Alexion Pharmaceuticals Inc. signed an agreement with abiotechnology research consortium to become the worldwideexclusive licensee of porcine embryonic stem cells and relatedtechnologies for use in the production of transgenic animalswhose organs and cells can be used for human transplantation.
To date, embryonic stem cells have only been isolated in themouse system. A group of scientists funded by theBiotechnology Research and Development Corp. (BRDC) isolatedembryonic stem cells from the pig. BRDC, which has exclusiverights to technology developed under its sponsorship, in turnlicensed the stem cells to Alexion.
BRDC has a patent pending for the porcine embryonic stemcells. The members of BRDC, formed in the mid-1980s, areAmerican Cyanamid Co., Amoco Technology Co., Hewlett-Packard Co., Mallinckrodt Inc., the Dow Chemical Co., ImceraGroup Inc., Agricultural Research and Development Corp. andAlexion.
Since embryonic stem cells are the cells from which all othercells in the body are derived, Alexion's president and chiefexecutive officer, Leonard Bell, explained that "if onegenetically modifies the stem cell, one can modify the entireanimal."
Alexion is focusing on developing a gene-targeting sequencethrough which a specific gene would be deleted from the cell --the gene for an antigen that leads to cell-mediated rejection ofa transplanted organ by the human immune system. "To deletesuch antigens in all cells in mature animals," Bell said, you"must do so early," in undifferentiated embryonic stem cells.
He said it is "currently not possible to knock out genes in theembryonic phase unless you have stable embryonic stem cells."He added that Alexion has identified antigens in the mature pigthat the company would want to delete to improvetransplantation.
Bell said that transgenic technology used over the past 10years involves microinjection, whereby DNA is injected into anearly cluster of partially differentiated embryonic cells. He saidthe uptake of DNA into the cells is entirely random andproduces different genetic modifications every time.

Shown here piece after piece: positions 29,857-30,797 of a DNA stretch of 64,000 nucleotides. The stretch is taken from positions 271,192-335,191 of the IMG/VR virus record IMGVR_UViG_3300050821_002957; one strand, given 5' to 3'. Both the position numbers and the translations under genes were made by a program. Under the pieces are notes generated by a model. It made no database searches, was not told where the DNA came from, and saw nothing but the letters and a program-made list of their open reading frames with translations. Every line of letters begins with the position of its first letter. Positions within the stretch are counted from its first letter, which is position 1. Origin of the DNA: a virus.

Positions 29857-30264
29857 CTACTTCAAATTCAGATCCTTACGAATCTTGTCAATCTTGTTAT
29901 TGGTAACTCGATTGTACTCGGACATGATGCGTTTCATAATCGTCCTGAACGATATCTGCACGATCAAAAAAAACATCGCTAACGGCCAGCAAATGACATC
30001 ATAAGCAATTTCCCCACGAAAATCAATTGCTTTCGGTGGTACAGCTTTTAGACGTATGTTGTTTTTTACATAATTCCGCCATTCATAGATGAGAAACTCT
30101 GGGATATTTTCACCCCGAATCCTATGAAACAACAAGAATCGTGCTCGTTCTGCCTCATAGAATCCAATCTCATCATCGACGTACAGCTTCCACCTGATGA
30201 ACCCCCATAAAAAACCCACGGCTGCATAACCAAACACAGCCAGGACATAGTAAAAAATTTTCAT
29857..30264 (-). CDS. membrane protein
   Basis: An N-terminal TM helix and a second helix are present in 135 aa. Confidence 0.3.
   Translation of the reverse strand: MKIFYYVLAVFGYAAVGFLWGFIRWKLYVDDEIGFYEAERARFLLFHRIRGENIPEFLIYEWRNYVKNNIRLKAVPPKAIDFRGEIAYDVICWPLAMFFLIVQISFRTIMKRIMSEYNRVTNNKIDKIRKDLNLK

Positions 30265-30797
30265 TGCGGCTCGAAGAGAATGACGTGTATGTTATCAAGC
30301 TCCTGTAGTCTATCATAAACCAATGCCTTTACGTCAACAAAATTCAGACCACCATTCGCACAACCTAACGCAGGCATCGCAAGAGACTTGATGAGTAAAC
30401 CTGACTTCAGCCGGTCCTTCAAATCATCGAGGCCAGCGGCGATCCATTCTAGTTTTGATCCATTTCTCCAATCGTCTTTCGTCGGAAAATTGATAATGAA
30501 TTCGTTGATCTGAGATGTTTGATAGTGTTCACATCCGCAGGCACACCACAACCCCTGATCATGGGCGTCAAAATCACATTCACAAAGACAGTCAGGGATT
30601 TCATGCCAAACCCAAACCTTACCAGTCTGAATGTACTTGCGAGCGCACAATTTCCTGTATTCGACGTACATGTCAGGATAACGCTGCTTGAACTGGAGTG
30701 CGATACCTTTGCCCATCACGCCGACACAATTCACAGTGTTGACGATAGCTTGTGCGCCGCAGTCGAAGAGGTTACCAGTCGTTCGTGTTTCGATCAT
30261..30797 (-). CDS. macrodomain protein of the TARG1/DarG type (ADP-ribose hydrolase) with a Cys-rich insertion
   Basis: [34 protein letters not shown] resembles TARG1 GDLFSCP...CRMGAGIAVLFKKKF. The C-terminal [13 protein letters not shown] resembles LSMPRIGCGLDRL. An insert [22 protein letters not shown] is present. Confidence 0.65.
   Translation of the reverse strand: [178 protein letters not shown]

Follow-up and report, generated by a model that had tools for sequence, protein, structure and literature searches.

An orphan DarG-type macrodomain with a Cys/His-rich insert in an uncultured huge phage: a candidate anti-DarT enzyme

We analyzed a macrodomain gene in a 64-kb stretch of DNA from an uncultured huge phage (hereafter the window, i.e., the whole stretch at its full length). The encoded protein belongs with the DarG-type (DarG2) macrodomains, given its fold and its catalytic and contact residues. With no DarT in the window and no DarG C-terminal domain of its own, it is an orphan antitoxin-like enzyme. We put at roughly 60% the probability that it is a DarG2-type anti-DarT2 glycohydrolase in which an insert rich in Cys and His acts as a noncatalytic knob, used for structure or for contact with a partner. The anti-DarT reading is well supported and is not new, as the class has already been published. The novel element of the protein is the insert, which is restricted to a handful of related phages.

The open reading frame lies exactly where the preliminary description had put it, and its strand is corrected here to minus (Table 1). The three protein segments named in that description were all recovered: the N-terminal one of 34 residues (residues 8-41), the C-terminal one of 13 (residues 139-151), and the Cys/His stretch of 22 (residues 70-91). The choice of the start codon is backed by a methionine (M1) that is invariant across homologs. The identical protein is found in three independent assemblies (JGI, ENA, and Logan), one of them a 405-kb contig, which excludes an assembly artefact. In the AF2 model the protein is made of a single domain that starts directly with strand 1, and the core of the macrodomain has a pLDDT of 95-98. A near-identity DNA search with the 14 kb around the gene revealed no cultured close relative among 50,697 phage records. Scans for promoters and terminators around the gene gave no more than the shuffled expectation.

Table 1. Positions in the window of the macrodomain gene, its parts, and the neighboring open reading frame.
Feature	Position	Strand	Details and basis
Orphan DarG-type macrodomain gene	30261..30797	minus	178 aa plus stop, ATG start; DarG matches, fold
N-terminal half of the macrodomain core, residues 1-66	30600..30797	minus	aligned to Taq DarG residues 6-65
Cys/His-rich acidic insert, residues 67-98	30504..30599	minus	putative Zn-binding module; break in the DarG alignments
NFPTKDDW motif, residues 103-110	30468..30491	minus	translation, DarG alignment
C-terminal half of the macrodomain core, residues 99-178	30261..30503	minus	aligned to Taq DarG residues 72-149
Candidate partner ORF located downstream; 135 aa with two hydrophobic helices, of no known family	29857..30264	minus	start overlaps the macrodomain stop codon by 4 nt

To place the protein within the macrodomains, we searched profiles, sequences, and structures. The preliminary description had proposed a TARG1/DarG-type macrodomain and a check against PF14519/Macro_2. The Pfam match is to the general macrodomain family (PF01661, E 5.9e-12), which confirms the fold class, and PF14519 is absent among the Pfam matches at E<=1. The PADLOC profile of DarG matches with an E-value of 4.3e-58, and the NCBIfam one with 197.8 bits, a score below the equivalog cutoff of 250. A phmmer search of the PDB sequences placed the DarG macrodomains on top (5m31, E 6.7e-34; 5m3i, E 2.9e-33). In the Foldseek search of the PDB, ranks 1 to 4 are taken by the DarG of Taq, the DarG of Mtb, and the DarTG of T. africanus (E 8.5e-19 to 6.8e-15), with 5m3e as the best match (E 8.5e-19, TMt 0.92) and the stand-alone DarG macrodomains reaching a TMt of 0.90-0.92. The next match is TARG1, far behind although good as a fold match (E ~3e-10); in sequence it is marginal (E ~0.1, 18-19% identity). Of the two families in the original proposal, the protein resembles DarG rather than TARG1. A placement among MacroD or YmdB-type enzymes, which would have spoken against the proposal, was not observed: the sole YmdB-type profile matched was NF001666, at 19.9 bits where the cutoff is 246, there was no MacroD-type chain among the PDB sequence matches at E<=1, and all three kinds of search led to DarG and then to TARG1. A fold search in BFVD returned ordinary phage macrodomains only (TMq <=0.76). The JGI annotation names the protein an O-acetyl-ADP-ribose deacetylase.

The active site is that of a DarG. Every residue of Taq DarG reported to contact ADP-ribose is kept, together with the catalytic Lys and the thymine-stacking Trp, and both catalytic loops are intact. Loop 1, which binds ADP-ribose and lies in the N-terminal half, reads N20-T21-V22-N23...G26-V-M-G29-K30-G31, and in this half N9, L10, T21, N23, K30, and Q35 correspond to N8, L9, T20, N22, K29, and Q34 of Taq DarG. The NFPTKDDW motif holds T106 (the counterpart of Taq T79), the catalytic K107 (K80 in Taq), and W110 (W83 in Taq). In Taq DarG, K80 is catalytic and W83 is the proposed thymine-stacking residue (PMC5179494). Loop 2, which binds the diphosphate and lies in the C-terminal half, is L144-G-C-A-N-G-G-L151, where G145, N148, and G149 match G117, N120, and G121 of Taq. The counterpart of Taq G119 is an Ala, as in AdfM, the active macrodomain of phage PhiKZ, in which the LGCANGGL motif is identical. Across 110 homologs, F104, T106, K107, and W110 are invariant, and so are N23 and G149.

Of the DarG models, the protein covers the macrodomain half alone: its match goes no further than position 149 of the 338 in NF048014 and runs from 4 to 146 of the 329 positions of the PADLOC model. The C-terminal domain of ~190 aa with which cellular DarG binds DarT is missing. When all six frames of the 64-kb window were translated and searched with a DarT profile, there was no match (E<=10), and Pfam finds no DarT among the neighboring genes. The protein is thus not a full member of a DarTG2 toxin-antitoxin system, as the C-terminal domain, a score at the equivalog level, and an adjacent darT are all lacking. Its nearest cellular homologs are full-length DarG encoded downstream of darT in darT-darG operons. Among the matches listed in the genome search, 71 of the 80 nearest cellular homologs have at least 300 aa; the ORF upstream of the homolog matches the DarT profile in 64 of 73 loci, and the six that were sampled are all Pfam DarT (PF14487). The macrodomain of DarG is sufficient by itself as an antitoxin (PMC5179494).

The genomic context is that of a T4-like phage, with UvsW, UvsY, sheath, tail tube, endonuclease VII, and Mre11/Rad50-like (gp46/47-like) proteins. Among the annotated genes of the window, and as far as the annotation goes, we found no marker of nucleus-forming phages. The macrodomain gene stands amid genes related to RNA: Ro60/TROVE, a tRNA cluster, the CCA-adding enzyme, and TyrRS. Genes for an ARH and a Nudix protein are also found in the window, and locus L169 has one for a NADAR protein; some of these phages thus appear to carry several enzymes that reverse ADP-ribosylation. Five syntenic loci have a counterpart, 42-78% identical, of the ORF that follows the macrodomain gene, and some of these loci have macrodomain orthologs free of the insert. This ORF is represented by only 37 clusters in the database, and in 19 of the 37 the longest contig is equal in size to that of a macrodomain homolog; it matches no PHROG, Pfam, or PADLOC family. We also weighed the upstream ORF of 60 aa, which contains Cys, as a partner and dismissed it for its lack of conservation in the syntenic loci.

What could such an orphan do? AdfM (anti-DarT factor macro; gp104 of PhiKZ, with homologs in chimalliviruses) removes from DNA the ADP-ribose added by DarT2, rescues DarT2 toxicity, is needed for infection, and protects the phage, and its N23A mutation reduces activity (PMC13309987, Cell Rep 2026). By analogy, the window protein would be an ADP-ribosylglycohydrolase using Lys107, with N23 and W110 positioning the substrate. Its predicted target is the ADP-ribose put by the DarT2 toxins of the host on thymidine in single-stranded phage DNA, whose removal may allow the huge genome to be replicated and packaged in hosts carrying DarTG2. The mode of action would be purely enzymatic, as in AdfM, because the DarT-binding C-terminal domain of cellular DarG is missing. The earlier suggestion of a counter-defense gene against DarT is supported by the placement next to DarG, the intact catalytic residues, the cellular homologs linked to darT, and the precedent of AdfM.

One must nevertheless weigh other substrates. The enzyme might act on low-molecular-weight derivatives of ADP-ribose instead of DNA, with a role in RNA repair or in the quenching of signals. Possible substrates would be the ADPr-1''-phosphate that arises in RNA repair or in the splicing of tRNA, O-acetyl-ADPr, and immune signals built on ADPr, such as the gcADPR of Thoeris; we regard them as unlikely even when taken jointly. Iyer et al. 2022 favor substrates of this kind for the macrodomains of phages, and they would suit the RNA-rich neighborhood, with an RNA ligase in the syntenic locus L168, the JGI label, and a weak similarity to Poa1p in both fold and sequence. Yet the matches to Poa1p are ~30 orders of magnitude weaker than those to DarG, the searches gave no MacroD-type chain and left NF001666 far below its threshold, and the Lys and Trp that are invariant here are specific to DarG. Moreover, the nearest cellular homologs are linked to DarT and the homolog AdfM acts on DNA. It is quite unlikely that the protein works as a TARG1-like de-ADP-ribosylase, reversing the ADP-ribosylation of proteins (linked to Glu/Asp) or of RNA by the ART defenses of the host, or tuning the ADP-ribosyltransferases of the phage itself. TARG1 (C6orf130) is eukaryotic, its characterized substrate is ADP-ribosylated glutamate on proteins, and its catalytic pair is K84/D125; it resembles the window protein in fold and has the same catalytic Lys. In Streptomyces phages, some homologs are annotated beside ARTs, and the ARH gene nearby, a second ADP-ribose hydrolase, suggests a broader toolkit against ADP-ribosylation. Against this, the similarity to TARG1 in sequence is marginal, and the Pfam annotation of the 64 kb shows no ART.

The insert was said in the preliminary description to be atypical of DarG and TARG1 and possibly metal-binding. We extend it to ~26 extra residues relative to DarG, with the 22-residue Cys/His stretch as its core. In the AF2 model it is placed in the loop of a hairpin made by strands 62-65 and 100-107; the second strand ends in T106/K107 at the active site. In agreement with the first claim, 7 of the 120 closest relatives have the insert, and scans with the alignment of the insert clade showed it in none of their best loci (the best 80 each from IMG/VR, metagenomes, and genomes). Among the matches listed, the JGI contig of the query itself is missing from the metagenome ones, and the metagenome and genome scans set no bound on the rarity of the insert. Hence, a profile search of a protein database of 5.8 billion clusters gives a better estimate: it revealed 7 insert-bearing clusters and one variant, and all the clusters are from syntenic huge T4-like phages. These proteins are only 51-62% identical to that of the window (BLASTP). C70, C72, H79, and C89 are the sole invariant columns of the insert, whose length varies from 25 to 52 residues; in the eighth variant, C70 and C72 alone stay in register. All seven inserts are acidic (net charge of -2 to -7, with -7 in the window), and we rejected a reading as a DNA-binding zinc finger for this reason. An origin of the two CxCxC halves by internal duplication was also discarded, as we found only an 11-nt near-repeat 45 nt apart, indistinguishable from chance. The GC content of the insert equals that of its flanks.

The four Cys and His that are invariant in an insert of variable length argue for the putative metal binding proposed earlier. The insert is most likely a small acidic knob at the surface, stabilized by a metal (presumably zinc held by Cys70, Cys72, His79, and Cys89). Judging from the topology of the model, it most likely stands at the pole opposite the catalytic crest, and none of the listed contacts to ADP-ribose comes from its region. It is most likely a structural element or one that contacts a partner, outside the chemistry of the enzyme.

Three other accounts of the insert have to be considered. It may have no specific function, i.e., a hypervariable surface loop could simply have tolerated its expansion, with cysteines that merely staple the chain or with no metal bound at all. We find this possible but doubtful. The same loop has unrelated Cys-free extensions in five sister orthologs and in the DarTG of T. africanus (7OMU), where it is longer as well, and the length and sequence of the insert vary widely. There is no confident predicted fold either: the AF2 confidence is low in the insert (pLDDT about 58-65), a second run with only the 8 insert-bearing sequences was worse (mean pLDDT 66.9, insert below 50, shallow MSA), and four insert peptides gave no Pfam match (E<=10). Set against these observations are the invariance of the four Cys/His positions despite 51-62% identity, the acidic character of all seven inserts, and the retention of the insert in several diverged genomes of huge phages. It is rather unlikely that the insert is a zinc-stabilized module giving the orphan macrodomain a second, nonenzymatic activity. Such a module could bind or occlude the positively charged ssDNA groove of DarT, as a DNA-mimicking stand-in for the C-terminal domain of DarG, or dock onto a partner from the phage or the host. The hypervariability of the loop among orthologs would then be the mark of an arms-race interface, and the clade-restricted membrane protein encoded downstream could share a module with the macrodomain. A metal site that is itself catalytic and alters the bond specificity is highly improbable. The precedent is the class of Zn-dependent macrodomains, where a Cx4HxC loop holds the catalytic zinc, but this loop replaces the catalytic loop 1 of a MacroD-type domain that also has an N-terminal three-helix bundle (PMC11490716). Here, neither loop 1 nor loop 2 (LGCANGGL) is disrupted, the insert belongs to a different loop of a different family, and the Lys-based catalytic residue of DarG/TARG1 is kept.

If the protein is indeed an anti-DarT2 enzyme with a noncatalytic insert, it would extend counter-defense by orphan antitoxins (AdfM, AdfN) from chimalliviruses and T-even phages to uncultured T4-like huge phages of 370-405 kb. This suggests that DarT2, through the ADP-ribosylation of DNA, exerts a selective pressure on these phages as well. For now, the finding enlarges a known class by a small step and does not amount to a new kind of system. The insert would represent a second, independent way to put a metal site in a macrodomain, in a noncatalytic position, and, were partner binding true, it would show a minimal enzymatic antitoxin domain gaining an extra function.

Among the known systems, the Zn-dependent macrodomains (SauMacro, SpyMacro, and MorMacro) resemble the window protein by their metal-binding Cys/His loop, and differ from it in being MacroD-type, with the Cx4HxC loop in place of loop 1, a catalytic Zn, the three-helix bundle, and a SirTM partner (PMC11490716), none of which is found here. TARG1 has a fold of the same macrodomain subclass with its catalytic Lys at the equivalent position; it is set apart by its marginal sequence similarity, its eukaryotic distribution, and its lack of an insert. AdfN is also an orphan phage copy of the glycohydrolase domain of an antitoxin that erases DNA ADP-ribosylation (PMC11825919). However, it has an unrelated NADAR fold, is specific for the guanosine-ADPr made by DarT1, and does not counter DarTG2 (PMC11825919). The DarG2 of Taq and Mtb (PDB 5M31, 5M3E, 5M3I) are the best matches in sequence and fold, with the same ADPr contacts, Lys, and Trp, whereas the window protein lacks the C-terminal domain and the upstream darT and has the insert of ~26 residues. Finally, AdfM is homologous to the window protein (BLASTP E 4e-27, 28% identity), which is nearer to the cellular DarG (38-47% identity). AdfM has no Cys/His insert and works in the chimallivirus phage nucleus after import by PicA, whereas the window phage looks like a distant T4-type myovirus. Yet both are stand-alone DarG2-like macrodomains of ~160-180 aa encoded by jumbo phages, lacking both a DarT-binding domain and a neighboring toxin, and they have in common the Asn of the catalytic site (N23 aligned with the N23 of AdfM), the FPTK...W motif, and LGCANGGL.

In comparison, when stem cells are genetically engineered, allsubsequent cells in mature animals include the modificationengineered into the stem cells. This "removes the trial anderror involved in microinjection."
The use of genetically engineered porcine embryonic stem cellsshould result in more efficient and more commercially viableproduction of transgenic animals, Bell said. Alexion plans todevelop the embryonic stem cell technology -- in concert withits proprietary technologies targeting cell and complement-mediated rejection -- for the commercialization of products fororgan transplantation and prevention of restenosis. Thecompany said it may ultimately use the same approach togenerate the endothelial cells that form the basis of its Encelprotein drug-delivery system.
In addition to the pig, transgenic sheep, goats and cows havealso been produced. Bell said the pig is the most suitable donorfor transplantation because its organs are anatomically andphysiologically similar to human organs. Bell noted that Alexionbelieves it may be able to transplant pig organs into humansby 1995.
Alexion, a New Haven, Conn.-based biopharmaceuticalcompany, was founded in January 1992. It is focusing on threeareas: development of novel biopharmaceutical, cellreplacement and gene therapy approaches to the treatment ofspecific immunologic, cardiovascular and hematologic disorders;genetically engineered cellular pumps for long-term, systemicprotein drug delivery; and screening for novel anti-inflammatory and anti-infective agents.
Earlier this month, the company announced that it hadobtained a worldwide exclusive license for the use of leukemiainhibitory factor (LIF) in the production of transgenic animalsfrom embryonic stem cells. According to Alexion, "LIF is theonly known growth factor to independently and stablymaintain embryonic stem cells in an undifferentiated state."The company licensed LIF from AMRAD Corp. (AustralianMedical Research Development Corp.) Ltd., an independentbiotechnology company.
-- Brenda Sandburg News Editor
(c) 1997 American Health Consultants. All rights reserved.